The Columbia-based Maryland Technology Development Corp.’s (TEDCO) new economic relief initiative to benefit socially and economically disadvantaged and rural early-stage technology-based businesses hit hardest by the COVID-19 pandemic is now available.

Gov. Larry Hogan recently announced a state emergency economic relief package that includes $5 million to help socially and economically disadvantaged companies or companies in rural areas negatively affected by COVID-19. The economic relief is available statewide to qualifying companies that demonstrate some adverse impact from the COVID crisis.

The announcement from the governor was part of $180 million in additional economic relief contributing to a cumulative total of more than $600 million provided by the state to date in emergency economic relief.

The funds administered by TEDCO will be provided to early-stage companies that are impacted by the current crisis and are in need of bridge funding to survive and prosper as the downturn and COVID-19 crisis subsides. The funds will focus on companies that have the highest barriers to traditional financing but are still expected to scale to the next phase of fundraising.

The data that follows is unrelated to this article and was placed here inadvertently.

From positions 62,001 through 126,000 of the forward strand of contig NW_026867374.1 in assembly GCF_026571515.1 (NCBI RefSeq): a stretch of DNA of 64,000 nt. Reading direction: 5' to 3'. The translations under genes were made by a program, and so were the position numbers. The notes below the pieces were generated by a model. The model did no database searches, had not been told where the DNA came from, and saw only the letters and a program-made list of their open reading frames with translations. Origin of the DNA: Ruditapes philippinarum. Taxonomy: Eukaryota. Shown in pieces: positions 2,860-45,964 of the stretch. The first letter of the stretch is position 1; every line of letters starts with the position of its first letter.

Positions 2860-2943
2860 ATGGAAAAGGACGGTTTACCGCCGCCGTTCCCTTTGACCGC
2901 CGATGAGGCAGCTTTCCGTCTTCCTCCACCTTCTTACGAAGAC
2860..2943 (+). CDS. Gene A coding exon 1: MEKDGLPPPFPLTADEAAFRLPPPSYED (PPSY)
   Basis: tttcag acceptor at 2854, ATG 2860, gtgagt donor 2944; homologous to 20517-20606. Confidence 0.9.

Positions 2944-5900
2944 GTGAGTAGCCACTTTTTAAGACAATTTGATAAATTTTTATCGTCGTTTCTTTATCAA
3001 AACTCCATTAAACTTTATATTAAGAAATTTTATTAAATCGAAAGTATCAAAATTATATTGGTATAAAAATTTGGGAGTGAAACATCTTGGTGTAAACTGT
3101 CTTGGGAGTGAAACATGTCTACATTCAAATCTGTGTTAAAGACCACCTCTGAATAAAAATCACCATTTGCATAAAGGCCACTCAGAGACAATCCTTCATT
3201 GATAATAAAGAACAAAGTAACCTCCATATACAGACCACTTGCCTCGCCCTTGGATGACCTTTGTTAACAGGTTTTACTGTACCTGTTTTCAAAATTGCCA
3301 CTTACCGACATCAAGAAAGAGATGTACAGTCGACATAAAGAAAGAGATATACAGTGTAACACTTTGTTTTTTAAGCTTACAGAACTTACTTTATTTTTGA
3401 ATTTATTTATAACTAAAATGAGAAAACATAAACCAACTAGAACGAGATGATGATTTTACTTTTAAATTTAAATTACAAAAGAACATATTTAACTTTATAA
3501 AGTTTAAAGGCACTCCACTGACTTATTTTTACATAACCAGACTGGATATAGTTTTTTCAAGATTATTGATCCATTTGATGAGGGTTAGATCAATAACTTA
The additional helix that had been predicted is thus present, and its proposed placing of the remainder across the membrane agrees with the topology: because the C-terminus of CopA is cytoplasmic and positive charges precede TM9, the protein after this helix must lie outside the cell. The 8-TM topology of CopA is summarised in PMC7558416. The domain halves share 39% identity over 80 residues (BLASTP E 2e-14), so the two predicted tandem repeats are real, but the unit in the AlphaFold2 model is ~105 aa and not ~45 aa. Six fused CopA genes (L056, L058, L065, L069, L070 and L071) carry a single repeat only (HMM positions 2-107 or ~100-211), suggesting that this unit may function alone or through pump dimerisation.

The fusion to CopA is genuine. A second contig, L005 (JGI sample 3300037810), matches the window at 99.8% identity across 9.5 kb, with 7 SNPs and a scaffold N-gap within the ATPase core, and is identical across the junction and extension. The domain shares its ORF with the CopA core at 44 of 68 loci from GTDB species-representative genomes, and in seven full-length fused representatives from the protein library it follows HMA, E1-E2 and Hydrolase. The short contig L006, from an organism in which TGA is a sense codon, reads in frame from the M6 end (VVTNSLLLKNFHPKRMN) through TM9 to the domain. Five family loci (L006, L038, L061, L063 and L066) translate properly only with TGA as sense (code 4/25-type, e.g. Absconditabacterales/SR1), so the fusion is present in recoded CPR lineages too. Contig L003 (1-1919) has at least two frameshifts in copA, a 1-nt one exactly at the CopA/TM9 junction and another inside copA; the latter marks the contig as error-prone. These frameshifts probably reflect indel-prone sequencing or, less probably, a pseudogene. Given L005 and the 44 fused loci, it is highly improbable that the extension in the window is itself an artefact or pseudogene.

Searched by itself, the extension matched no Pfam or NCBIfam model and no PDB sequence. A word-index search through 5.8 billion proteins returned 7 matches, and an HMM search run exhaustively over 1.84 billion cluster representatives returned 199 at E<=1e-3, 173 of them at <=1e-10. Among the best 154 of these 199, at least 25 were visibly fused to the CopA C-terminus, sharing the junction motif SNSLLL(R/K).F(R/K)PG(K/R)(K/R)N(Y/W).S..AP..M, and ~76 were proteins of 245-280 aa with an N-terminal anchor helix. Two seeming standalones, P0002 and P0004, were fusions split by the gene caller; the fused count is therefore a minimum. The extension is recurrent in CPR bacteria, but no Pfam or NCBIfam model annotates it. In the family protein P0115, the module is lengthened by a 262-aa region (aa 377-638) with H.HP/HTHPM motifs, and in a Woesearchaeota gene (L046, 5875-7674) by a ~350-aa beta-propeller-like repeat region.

Startups employ Marylanders, contribute to critical supply chains, and provide valuable revenue to the State and local governments. TEDCO’s portfolio alone consists of over 250 companies that employ more than 2,400 Marylanders.

Recent reports from the Center for Responsible Lending have shown that more than 90 percent of small minority owned firms did not receive funds through the federal Paycheck Protection Program. Existing banking relationships play a major role in how likely a business is to apply for, and have success in obtaining, a loan.

Many of the smallest businesses have never sought a line of credit and have no relationship with a lender. According to a 2020 Federal Reserve report, 46 percent of white-owned businesses have obtained loans in the past, while just 23% of black-owned firms have done so.  For rural regions, broadband connectivity issues make working in an all-virtual environment particularly challenging.

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